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International Day for Disaster Reduction
13 October

Background

Communities, Peoples and Resilience

At the Third UN World Conference on Disaster Risk Reduction, the international community was reminded that disasters hit hardest at the local level with the potential to cause loss of life and great social and economic upheaval. Sudden onset disasters displace millions of people every year. In 2014, 19.3 million people were newly displaced by disasters. Disasters, many of which are exacerbated by climate change, have a negative impact on investment in sustainable development and the desired outcomes.

It is also at the local level that capacities need to be strengthened urgently. The Sendai Framework for Disaster Risk ReductionPDF document is people-focussed and action-oriented in its approach to disaster risk reduction and applies to the risk of small-scale and large-scale disasters caused by man-made or natural hazards as well as related environmental, technological and biological hazards and risks.

New knowledge and coping strategies are being generated all the time as communities in hazard prone locations work out new ways and means to adapt to disaster and climate risk. In many aspects, indigenous people epitomise the importance of local knowledge and community-level engagement in disaster risk reduction. 370 million people around the world identify themselves as indigenous, in 90 countries. Indigenous peoples’ territories span over 24% of the earth’s surface and they manage 80% of the world’s biodiversity.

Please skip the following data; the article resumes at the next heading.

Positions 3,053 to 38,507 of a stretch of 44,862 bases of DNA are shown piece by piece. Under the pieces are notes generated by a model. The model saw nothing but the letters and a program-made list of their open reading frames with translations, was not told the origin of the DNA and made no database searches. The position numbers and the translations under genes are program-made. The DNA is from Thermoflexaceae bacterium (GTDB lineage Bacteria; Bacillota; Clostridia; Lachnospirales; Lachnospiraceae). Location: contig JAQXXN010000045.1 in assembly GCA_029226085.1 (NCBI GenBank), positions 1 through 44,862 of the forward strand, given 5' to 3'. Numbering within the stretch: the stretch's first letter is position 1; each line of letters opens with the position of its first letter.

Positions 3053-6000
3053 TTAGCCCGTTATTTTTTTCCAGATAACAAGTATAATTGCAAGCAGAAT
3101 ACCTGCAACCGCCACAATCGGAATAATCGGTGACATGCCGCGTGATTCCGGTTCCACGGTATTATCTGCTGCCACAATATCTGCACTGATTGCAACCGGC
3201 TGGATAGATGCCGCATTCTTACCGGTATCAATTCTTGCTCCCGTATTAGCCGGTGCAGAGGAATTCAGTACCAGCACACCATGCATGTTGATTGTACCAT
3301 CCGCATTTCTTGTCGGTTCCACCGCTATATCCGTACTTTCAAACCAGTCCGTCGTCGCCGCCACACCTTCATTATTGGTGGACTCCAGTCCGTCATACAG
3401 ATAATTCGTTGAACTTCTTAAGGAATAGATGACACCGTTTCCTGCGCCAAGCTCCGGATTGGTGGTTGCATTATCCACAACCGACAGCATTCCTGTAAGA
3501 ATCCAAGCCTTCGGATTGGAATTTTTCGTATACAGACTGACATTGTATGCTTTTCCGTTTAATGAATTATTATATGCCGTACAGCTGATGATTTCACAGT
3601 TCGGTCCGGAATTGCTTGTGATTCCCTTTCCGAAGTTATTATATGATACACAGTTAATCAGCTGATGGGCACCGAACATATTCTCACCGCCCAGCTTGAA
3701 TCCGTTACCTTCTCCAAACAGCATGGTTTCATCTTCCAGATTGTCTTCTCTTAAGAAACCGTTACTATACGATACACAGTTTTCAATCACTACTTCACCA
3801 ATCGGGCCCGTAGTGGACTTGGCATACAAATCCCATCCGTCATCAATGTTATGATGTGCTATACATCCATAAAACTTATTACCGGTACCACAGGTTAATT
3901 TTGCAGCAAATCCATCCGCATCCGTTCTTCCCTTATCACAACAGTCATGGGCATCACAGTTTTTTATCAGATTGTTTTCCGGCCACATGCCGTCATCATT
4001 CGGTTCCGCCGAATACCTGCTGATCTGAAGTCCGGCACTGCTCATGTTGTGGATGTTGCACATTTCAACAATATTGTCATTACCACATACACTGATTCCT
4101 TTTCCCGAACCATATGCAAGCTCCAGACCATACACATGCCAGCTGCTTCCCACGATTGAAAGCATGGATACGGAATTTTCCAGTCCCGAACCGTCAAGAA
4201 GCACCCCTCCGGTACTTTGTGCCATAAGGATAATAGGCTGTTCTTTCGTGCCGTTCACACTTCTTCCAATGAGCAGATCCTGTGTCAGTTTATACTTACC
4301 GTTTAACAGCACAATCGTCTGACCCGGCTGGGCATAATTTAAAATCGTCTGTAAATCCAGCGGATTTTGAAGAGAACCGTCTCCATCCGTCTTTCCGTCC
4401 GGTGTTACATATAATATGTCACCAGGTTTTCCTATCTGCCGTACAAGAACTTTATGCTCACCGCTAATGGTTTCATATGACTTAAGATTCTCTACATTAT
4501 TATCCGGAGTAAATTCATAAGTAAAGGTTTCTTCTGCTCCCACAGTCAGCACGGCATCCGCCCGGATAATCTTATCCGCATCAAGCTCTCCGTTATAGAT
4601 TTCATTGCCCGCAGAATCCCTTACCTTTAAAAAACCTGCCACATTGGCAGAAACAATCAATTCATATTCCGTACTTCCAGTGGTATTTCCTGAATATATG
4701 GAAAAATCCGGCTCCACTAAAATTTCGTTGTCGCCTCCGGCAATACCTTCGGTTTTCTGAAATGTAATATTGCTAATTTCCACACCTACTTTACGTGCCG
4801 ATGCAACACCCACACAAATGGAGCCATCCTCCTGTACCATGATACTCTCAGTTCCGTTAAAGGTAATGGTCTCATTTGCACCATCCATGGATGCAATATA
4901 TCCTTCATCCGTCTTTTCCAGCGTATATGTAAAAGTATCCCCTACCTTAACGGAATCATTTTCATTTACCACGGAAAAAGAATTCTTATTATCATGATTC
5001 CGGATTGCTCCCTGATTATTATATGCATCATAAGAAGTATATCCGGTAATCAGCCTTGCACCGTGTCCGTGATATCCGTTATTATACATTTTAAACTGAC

Many traditions, practices and customs which are important to environmental protection and managing disaster risk are embedded in those languages which are threatened with extinction. In both rural and urban settings, indigenous peoples have unique vulnerabilities and needs in disaster risk reduction and in post-disaster recovery. At the same time, indigenous peoples have unique capacities and knowledge.

"Step Up" campaign

Over the last four years, the UNISDR Step Up Campaign has focussed on the challenge of including major communities in disaster risk management, communities that have built up stores of knowledge on vulnerability and exposure to disasters from their own unique perspectives: Children (2011), Women and Girls (2012), Persons Living with Disabilities (2013) and Older Persons (2014).

All these groups have a communal experience and wisdom which can strengthen preparedness and response for society as a whole. This year’s International Day concludes the series with a searching look at how knowledge held by communities united by the common threat of disasters, deploy the knowledge and insight born of place, tradition and experience.

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